Based in the Czech Republic, Professional Deformation is a relatively new band, but one borne from plenty of professional experience. Each of the musicians involved — Jakub Racek (guitar, vocal), Radek Vaňkát (reso-guitar, vocal), Petr Vošta (banjo, vocal) and Karel Waska (bass, vocal) — have earned continuing kudos due to their own individual musical merits.
Racek is an award winning guitarist and five time winner of the Guitar Player of The Year distinction given him by the Czech Bluegrass Association. In 1998, he was named Best European Bluegrass Guitarist by SPGMA. Having initially studied jazz at the Prague Conservatory, he went on to teach at a guitar workshop alongside Bryan Sutton and Tim Stafford. “I’ve been performing for 30 years,” he says. “I’ve toured Europe and played in the US four times, including three times at the IBMA, both the showcase and at Fan Fest.”
Vaňkát can claim to have worked with several top Czech artists, and has recorded in both the Czech Republic and the US. He was voted Dobro player of the year twice by the Czech Bluegrass Association.
Vošta is known for his distinctive style, one that utilizes a decidedly funky groove. Prior to joining Professional Deformation, he played in a variety of bands spanning bluegrass to rock and roll, including his own trio, Cimpr Campr.
Waska prides himself on being a multi-genre musician whose expertise runs the gamut from folk and Appalachian traditional sounds to classical, rock and roll, bebop, and alternative jazz. He studied bass at Jaroslav Jeћek Conservatory in Prague and at Northern Illinois University, and went on to perform with a numbers of bands that surveyed a variety of sounds and style.
The origins of Professional Deformation can be traced back to a duo consisting of Racek and Vaňkát. “I had a full band in mind, and the first guy I called was Radek,” Racek recalls. “We jammed a bit and liked the sound, so we decided we would perform as a duo for awhile. We kept going for about four or five years, and then the other two players came along. Now it’s a bluegrass line up as far the instrumentation is concerned. We’ve all played bluegrass with various bands before Professional Deformation, but we’ve also played other styles of music as well, so our sound is influenced by that diversity.”
Even so, Racek insists that their primary influences lie in the bluegrass/grassicana realm. “I was definitely influenced by Tony Rice,” he explains. “I played the banjo before I heard Tony Rice, but that’s when I decided to play the guitar.”
Although the band been active a relatively short time, they still managed to get plenty of gigging in prior to the pandemic.
“We’ve been together for four years, including the crazy year and a half of COVID, and we’ve still managed to play plenty of shows in the Czech Republic and in Europe,” Racek notes. “Outside Czechia, we’ve performed in Sweden, Slovakia, and France. In 2019, we won the European contest in La Roche, France and as the winner, we were going to play at the Rapid Grass Festival in Colorado. We also had an invitation to perform in Canada, but unfortunately both were cancelled due to COVID.”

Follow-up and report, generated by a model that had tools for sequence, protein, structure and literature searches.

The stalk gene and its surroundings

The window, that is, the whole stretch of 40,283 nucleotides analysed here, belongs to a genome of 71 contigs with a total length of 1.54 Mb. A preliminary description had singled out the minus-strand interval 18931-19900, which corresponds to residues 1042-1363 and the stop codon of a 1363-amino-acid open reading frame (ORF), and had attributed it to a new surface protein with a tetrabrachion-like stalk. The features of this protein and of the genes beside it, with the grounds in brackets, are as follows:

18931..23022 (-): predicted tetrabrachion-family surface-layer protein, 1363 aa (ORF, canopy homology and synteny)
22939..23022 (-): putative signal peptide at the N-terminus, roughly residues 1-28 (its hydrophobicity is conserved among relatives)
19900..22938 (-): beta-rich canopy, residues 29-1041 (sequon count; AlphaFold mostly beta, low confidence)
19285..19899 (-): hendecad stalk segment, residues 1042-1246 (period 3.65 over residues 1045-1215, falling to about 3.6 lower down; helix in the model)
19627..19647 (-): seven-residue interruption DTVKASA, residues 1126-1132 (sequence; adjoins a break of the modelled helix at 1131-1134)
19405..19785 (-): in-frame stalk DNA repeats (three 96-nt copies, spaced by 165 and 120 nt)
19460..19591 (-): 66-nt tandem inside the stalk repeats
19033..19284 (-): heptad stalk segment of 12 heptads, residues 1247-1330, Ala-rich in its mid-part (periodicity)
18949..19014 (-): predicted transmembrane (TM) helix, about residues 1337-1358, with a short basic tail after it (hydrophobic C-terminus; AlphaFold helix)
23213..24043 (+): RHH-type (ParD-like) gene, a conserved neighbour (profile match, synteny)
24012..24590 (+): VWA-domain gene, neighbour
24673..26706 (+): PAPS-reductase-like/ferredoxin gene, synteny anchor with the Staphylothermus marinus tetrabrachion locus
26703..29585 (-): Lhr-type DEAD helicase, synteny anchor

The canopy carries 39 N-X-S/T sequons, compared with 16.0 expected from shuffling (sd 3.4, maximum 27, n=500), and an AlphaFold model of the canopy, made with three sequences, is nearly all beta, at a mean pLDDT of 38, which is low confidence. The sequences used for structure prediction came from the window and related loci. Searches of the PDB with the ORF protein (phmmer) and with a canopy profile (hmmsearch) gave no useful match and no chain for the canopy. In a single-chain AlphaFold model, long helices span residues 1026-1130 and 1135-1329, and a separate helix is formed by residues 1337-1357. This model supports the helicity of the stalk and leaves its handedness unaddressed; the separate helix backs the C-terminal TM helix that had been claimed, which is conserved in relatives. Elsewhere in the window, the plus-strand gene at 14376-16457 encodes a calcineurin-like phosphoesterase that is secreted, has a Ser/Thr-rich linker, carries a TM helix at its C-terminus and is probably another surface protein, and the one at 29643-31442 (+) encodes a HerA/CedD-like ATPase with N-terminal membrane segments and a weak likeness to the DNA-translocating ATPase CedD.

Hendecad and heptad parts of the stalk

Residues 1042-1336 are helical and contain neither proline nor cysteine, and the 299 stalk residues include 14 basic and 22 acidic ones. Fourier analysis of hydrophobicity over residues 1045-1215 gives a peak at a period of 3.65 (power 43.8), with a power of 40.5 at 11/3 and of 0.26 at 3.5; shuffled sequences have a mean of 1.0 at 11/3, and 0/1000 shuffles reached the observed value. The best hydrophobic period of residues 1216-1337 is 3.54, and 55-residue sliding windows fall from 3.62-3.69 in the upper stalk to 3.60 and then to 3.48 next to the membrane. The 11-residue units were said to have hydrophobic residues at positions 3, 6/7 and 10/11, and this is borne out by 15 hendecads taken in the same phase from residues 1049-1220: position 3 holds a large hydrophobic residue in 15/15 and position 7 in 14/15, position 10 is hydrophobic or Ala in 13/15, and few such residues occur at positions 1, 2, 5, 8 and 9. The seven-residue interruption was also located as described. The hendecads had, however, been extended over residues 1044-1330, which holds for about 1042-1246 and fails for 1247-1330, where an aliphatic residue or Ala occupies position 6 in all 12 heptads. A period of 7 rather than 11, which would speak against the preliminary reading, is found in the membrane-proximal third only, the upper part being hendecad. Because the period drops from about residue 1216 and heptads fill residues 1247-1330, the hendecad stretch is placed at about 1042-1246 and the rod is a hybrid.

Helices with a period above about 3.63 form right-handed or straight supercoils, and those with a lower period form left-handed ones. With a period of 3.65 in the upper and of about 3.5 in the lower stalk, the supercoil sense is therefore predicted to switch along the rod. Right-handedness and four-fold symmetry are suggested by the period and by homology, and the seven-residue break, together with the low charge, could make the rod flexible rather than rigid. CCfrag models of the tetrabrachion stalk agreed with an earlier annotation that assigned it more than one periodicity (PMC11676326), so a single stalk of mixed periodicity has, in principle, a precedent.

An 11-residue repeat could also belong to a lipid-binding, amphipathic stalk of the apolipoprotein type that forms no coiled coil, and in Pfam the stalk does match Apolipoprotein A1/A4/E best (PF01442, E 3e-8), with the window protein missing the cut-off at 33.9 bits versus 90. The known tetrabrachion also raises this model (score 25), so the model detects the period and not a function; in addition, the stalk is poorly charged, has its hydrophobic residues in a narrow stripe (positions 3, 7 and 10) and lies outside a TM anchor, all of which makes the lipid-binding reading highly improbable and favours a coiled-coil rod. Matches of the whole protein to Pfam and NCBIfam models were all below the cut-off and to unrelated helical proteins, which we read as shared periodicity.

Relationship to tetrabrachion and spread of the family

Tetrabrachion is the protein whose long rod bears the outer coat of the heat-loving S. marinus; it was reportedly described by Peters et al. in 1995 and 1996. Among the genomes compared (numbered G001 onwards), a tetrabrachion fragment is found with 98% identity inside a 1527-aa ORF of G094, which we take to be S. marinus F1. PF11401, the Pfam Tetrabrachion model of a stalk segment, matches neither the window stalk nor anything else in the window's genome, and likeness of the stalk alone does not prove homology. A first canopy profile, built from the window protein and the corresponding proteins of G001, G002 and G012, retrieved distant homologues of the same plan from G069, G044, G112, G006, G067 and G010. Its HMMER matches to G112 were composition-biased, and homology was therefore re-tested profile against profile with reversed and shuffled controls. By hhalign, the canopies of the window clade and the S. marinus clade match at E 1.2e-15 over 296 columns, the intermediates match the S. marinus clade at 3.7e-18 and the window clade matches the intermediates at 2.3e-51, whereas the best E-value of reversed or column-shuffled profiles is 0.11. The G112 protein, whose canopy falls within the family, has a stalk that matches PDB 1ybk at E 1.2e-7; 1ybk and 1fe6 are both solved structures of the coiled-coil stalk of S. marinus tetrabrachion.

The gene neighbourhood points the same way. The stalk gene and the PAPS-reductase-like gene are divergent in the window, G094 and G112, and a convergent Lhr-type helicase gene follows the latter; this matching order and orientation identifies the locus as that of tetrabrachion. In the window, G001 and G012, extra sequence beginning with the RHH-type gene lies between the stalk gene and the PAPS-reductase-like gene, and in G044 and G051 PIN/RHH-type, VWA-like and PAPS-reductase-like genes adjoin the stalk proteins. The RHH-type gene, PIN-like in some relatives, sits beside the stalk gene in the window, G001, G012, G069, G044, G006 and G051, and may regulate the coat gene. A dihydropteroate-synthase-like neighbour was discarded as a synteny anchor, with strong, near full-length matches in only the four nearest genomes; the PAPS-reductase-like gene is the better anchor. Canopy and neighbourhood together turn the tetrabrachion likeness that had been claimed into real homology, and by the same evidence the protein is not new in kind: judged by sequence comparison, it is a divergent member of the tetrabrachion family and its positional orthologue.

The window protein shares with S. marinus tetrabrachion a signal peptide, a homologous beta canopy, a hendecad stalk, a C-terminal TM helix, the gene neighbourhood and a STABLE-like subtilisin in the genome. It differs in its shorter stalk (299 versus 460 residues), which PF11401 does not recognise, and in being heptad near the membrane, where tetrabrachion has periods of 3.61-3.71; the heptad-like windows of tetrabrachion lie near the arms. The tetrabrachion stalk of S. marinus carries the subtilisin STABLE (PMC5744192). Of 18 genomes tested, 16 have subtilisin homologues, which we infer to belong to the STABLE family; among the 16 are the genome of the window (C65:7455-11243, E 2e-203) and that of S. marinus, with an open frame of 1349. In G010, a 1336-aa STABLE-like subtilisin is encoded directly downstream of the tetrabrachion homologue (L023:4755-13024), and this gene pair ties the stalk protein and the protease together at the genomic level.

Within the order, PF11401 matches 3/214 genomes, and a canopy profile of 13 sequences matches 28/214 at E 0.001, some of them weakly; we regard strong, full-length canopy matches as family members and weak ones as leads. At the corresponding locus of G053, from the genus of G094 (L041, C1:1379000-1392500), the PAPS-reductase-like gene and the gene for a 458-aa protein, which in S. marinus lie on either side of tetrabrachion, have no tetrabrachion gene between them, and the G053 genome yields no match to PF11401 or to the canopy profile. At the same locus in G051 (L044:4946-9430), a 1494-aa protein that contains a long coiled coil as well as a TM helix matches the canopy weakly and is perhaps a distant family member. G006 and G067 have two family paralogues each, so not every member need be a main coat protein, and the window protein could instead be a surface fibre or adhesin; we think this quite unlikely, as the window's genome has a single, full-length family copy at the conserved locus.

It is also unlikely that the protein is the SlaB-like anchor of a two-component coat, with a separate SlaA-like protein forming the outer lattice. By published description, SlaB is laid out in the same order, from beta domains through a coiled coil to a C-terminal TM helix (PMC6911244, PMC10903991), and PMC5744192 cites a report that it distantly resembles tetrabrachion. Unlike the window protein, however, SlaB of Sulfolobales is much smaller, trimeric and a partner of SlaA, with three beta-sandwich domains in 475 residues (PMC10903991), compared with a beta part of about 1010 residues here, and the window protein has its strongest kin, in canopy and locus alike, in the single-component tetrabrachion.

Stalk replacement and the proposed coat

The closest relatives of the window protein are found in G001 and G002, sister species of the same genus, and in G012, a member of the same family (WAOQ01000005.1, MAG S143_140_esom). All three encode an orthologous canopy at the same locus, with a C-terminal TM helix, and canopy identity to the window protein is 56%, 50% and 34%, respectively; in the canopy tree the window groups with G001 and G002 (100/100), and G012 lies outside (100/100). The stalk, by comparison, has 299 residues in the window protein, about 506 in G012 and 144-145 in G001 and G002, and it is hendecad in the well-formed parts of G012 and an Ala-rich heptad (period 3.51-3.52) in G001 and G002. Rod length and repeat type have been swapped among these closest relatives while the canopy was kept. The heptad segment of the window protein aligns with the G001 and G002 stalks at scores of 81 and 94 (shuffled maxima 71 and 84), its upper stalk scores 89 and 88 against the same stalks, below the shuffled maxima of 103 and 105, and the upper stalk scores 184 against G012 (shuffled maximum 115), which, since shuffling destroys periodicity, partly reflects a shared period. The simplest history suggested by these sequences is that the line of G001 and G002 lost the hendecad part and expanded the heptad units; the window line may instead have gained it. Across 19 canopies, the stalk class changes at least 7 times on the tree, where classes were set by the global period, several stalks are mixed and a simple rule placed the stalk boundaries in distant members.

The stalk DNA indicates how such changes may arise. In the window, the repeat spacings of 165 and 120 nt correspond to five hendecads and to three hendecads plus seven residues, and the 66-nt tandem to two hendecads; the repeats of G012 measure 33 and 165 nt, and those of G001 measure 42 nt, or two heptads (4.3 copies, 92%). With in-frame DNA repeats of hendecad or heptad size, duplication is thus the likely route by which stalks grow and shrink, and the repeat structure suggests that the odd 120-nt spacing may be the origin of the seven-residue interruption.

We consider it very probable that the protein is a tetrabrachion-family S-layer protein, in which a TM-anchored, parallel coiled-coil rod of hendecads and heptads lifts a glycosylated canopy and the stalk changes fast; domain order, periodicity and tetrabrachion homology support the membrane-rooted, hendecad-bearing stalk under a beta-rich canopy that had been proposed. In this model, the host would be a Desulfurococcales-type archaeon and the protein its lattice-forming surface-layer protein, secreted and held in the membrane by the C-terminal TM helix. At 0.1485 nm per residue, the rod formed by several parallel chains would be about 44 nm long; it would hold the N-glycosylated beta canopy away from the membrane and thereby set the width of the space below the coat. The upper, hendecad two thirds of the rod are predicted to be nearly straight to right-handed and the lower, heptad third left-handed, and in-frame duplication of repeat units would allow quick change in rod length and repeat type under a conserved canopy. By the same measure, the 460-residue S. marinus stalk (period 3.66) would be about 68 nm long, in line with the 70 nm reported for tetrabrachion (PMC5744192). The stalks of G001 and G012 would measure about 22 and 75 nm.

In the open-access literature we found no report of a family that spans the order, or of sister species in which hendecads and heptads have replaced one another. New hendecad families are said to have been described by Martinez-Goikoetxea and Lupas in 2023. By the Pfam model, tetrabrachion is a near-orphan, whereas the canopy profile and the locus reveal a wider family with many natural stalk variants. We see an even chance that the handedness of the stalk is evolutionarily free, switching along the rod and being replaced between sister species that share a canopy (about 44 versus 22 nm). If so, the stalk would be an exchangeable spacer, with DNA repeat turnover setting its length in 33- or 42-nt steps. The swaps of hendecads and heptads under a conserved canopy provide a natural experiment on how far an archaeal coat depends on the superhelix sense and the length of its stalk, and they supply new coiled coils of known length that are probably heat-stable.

They’ve also shared stages with some other exceptional artists. “As a band, we hosted several Czech singers including a Czech’s Got Talent finalist,” he continues. “We featured Casey Driessen in Prague, and he played a show with our band. Next year, Casey will be performing with Professional Deformation here in the Czech Republic at the Banjo Jamboree festival, the oldest bluegrass festival in Europe.”
Happily then, the band has been well received back home. “People like the energy we put into the performance,” Racek points out. “They enjoy the four-part harmonies and they seem to like the variety of the repertoire. Surprisingly, we have played many shows for audiences who had never heard bluegrass or anything similar before. After the show, some folks came over and said ‘Gosh, we’ve never heard this style of music. We didn’t have any idea that it actually existed, but it’s just great!'”
Professional Deformation has one release so far, a five song EP titled One Way Rider.
Racek notes that their repertoire is split evenly between covers and originals. “We play both,” he says. “When it comes to covers, I’m usually the one to pick the songs. Genre does not matter much. We may play an old ballad followed by a mainstream number like The Boys of Summer by Don Henley, or something bluesy and funky like Killing Floor by Howlin’ Wolf.”
However when asked why bluegrass seems to have such universal appeal, Racek says he isn’t all that certain. “I don’t know really,” he responds. “There may be more reasons than one, and all those reasons put together add up. Some people like the three or four part harmony singing. Some like the high-pitched vocals. Other people like the fast virtuoso-like picking. There are those that like the fact that the music is unplugged; you just grab your instruments and you can literally play anywhere. Some people like the festival atmosphere, and some like the banjo. Then again, I may be all wrong. Here in the Czech Republic, it got popular during the communist era because this music, as well as country music in general, came from the US. As a result, it was some sort of a forbidden candy that defied the regime.”
Learn more about Professional Deformation online.